Paint Brush Strokes, Perception, & The Monogamy Disagreement

Photo by Dave Miyamoto at Sun Yoga Hawaii.

Photo by Dave Miyamoto at Sun Yoga Hawaii.

I like to think of each of us as our own unique painting. We are most often seen as a big picture, perhaps framed and displayed elegantly. But if one were to study us, the thought and effort of the artist would become apparent. Layers and variations of brush strokes. Some strokes applied more gently, others with heightened fervor. Here, strokes short and precise, while there, the artist’s hand pirouettes with whimsy. These strokes are the fascia of our being. Our passion, our past, our education, our relationships, everything that has gotten us from there to here. They don't just hold us together, they are us.

 

I made the choice to start hanging out with Daniel again, because I knew that he noticed — and appreciated — my intricacies. He saw my most delicate brush strokes, my details, the things that make me beautiful, and even those that make me ugly. (Click here to read about our first DTR.)

I like to think I saw him fully too, but who can know for certain when you’re dealing with a Gemini?

He was ever equipped with new random facts and relevant information, new projects he was working on, new ideas for my writing, and new places he wanted to show me. It was easy to fall back in step with him, sharing drinks, inside jokes, secrets, and dreams.

I adored the way he perceived life. I had a tendency toward snobbery and a distinct disapproval of all things ordinary and popular; regular holistic hipster problems. He had a way of seeing the relevance and beauty in what society has collectively deemed worthwhile. Sharing his vantage point expanded my heart, my thoughts, and my perceptions for the better.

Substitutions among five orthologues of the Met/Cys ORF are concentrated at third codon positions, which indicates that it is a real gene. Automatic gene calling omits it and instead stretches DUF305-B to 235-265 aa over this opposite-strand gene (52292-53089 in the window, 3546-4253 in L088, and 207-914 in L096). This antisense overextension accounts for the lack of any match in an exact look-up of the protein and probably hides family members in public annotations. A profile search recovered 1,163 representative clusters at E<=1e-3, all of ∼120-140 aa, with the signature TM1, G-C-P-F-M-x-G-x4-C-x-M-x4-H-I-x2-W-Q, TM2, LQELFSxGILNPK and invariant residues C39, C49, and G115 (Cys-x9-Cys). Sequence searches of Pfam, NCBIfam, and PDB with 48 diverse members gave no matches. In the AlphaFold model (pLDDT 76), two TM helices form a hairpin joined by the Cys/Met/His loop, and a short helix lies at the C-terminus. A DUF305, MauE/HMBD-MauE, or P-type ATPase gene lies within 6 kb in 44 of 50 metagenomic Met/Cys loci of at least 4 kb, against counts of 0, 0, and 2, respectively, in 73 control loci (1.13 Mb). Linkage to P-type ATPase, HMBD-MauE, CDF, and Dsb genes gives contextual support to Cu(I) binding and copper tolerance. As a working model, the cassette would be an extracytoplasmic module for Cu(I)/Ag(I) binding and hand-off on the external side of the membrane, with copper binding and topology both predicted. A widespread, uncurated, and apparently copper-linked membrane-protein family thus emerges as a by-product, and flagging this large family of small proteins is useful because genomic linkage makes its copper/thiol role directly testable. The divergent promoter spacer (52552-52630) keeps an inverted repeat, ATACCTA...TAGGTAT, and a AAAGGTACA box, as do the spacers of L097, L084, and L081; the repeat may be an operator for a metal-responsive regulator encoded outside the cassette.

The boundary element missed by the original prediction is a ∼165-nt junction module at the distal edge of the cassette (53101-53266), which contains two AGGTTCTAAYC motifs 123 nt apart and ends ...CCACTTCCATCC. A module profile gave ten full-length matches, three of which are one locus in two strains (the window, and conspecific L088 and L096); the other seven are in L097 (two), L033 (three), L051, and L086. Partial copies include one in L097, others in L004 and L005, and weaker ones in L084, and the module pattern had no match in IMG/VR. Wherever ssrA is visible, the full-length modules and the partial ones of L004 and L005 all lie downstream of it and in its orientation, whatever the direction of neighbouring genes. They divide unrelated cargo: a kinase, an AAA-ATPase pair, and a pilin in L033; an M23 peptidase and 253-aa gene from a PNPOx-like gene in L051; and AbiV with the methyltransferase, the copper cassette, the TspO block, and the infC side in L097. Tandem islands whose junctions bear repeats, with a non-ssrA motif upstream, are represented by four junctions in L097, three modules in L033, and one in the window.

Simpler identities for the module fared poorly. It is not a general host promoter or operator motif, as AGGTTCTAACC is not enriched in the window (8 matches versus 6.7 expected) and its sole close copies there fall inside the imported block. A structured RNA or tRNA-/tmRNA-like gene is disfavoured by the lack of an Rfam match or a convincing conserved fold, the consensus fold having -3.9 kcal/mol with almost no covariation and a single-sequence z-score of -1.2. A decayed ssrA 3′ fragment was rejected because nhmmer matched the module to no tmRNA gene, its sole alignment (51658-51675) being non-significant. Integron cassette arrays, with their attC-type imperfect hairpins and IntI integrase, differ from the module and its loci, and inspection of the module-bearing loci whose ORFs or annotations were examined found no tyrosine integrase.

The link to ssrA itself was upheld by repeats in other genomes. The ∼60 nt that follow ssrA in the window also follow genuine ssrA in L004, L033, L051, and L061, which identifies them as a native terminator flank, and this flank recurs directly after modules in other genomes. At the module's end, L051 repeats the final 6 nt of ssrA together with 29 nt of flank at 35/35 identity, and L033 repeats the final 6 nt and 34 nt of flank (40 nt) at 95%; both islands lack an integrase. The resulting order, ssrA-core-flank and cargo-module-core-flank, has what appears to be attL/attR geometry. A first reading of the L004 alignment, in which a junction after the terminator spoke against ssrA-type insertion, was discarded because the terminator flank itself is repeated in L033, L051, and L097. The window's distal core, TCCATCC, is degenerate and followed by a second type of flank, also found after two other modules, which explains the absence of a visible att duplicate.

It was the summer of Daft Punk’s Get Lucky. The song was his never-nudes, lyrical denim never fully exposing silence in his apartment. Somehow I knew that our relationship had roughly the same expiration date as the song’s radio popularity. Or at least I knew that I couldn’t let go until then.

It’s funny how music can weave memories and feelings into the deepest parts of your body.

Even now the lyrics up all night to get lucky whisk me back to the moments when he made me feel I was the only person who truly understood him. He had a way of stopping abruptly mid sentence to lock eyes and say that he LOVED talking to me. It seemed as though he couldn’t help telling me things he’d never shared before. “You're so fun to talk to! Most people can’t follow when I change directions so fast,” he’d say after a stirring exchange.

The words made me feel both special and infuriated. I knew exactly what he meant by people. He meant the two other women he was dating, or more accurately, sleeping with. My insecurity in this arrangement was our only source of contention.

It was a BIG problem actually.

Though I’d put up the physical boundaries I needed, our conversational intimacy still hovered well outside the scope of platonic. I naively thought those physical boundaries set me apart from the other girls.

He was dating them mostly physically and superficially. He was dating me intellectually and emotionally.

Pretty smart if you think about it. It’s like they were oxygen molecules and I was a hydrogen molecule, and together we made water. He was perfectly hydrated, and could avoid catching feelings as long as we pooled, sloshed, and poured together or separately on his whim.

Everything finally came to a head the night before we were going to harvest kalo together. He’d planned a charming date for us to harvest the traditional Hawaiian plant and eat lunch on the farm.

I threw a fit the night before. My discontent with the seemingly wasted natural chemistry and the ambiguity of the relationship's boundaries got the best of me.

I told him I didn’t want to take adorable, muddy, couple-y photos with a man who had no intention of staying in my life. I didn’t want to document memories only to look back on them with sadness and longing.

He said perhaps we should reschedule.


My insecurity was the primary source of mutual disagreement, and as you can imagine, I talked it backwards, forwards, and inside out with my inner circle. After a too many cycles and one friend’s key sentence, things began to shift. Stay tuned!

What do you think? Comment below!

Was my attitude warranted?

Have you ever found yourself in a relationship like this?

Is it just playing with fire to experiment with strong chemistry outside of commitment?

Thanks for reading, make great choices!